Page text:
This week, my son, Jack, will be adopted again. The first time he was adopted he was a month old. His 14-year-old mother, who had intended to raise him, decided that Down syndrome and a severe heart condition requiring open heart surgery were too much. She concluded it would be better for both of them if she placed him for adoption. The mother went to work researching families, trying to make the best decision for the little boy that she would have named Daniel. A month after he was born, my wife and I took our three sons to Las Vegas to add Jack to our family.
Before he was a year old, we moved cross-country to Michigan and our whole family was adopted by a new community. Several years later, Jack joined his first school class as we moved him into inclusion programs, where he would attend public school and participate in mainstream classes with his peers on whatever level he was able. His class and the parents adopted him into their group. Due to his outgoing personality and the kindness of his peers, he sort of became a local celebrity.
Jack's favorite part of new beginnings is making new friends. Those first adoptions taught Jack that there was nothing to fear with new beginnings. Jack's new beginnings are always filled with new friends. And friends are almost as important to him as family. Jack never wonders if he will like a new beginning or not. He knows he will. My son knows that he will love the new people he meets and that they will love him, too.
Over the course of multiple cross-country moves, new business ventures and relocations, along with five residence changes in 19 years, I have compared my own level of anxiety to Jack's. It became apparent that I had something to learn. I am always wondering how I will be accepted in a new setting. I have concerns about whether or not I will like the new community and if it will like me. Over the past 20 years, my good and bad experiences in different communities have been mixed. That isn't the case with Jack.
As we pull out yearbooks, class pictures and photo albums filled with events, Jack immediately points out his friends from that time and place. Jack remembers his friends and a smile fills his face as he tells you about them and the things they did together. Then he asks when we can have a party for his friends.
At the end of the last school year, I was heartbroken to see Jack's class graduate. They had been so good to him. My son was just excited to participate in the activities and events so typical of the end of a high school senior year. I understood the finality of high school graduation and friends moving on, but Jack didn't. Maybe I'm not giving him enough credit.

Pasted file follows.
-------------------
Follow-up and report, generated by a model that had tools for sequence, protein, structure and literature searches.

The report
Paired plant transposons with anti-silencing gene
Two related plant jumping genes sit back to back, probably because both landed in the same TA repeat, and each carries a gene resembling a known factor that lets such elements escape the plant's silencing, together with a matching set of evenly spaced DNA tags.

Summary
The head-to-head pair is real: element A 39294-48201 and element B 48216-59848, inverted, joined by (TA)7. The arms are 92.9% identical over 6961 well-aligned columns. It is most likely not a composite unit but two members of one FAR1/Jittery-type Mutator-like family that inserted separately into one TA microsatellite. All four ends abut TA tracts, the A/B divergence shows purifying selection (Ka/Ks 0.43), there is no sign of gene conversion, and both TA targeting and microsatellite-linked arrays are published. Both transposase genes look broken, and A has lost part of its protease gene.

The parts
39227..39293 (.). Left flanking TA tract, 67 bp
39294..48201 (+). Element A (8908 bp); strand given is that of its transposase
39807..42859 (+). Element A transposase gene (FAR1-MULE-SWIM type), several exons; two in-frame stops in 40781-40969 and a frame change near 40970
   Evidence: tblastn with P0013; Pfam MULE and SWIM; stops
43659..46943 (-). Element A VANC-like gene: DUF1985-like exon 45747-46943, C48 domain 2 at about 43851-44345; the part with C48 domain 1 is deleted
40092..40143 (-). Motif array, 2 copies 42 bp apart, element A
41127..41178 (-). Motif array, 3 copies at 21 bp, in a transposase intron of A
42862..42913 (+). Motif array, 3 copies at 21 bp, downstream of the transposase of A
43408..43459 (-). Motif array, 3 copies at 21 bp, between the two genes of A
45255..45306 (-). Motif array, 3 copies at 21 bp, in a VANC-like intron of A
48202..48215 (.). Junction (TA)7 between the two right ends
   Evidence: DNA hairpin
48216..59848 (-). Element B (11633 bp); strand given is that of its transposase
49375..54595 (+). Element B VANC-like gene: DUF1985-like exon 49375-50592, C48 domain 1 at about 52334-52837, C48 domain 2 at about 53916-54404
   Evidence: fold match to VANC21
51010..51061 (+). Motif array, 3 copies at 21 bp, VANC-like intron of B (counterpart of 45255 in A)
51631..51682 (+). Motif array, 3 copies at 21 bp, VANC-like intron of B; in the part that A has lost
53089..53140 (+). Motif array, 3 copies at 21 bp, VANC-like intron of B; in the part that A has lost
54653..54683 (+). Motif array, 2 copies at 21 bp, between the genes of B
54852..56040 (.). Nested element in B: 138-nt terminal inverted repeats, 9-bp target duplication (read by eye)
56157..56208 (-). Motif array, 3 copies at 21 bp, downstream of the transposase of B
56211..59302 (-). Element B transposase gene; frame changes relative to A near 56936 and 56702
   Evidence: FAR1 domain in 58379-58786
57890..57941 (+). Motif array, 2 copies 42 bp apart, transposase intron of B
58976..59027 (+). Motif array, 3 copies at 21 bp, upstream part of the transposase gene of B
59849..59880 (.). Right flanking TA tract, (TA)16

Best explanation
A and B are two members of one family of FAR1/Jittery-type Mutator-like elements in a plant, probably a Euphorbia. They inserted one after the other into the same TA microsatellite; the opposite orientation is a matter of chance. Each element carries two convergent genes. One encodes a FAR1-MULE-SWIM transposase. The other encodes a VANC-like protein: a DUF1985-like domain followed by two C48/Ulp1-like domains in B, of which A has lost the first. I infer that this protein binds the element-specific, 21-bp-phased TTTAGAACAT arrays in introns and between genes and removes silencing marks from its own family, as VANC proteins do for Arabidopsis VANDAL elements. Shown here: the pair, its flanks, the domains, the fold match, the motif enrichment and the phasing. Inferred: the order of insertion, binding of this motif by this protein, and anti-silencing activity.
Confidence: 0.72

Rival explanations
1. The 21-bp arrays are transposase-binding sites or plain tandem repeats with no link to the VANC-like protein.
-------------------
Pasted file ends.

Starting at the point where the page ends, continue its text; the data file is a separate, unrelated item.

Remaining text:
Jack's other moves were completed with a certain degree of finality. Even so, for him the most important parts of those times and places are his friends. He might not see them, now, but they are still his friends. In Jack's mind, you never lose friends, you just don't see them outside of your own mind as much as you used to. And to my son, that is the beauty of life. You just keep adding more and more friends. It never ends!
That's why he is so excited with this new upcoming school year. Our state allows students with Intellectual Disabilities to continue to attend public school until the year that they turn 22. For this next school year and two more after it, Jack will be a "Super Senior." He can't wait to make new friends. Of course in a high school with only 100 people per grade, he knows many of these kids who are a year or more younger than him. But where his class moved on, he knows that he will have many more friends who will fill the gap. Jack doesn't mind moving on and being adopted into a new group. He simply places the former group into a special place in his heart and moves forward with making new friends.
Perhaps I would have no more anxieties with new beginnings than my son experiences, if I looked at them in the same light that he does. If I loved people like Jack does; if I valued friendship more than anything else someone could give me; if my ventures were solidly based on people and relationships rather than things; new beginnings, for me, would be different.
You see, Jack knows he will be successful as he begins any new adventure because his goal is to build sincere friendships. Of course I have responsibilities in life that my son never will and my goals need to include priorities that his don't. Even so, I think that my mixed results in communities over the past 20 years are the result of my priorities being out of order. Making friends and being a good friend need to move up on my list. So add that to the awesome life lessons my son with Down syndrome taught me. I'm sure that when I follow my son's example I will look forward to new beginnings as much as he does.
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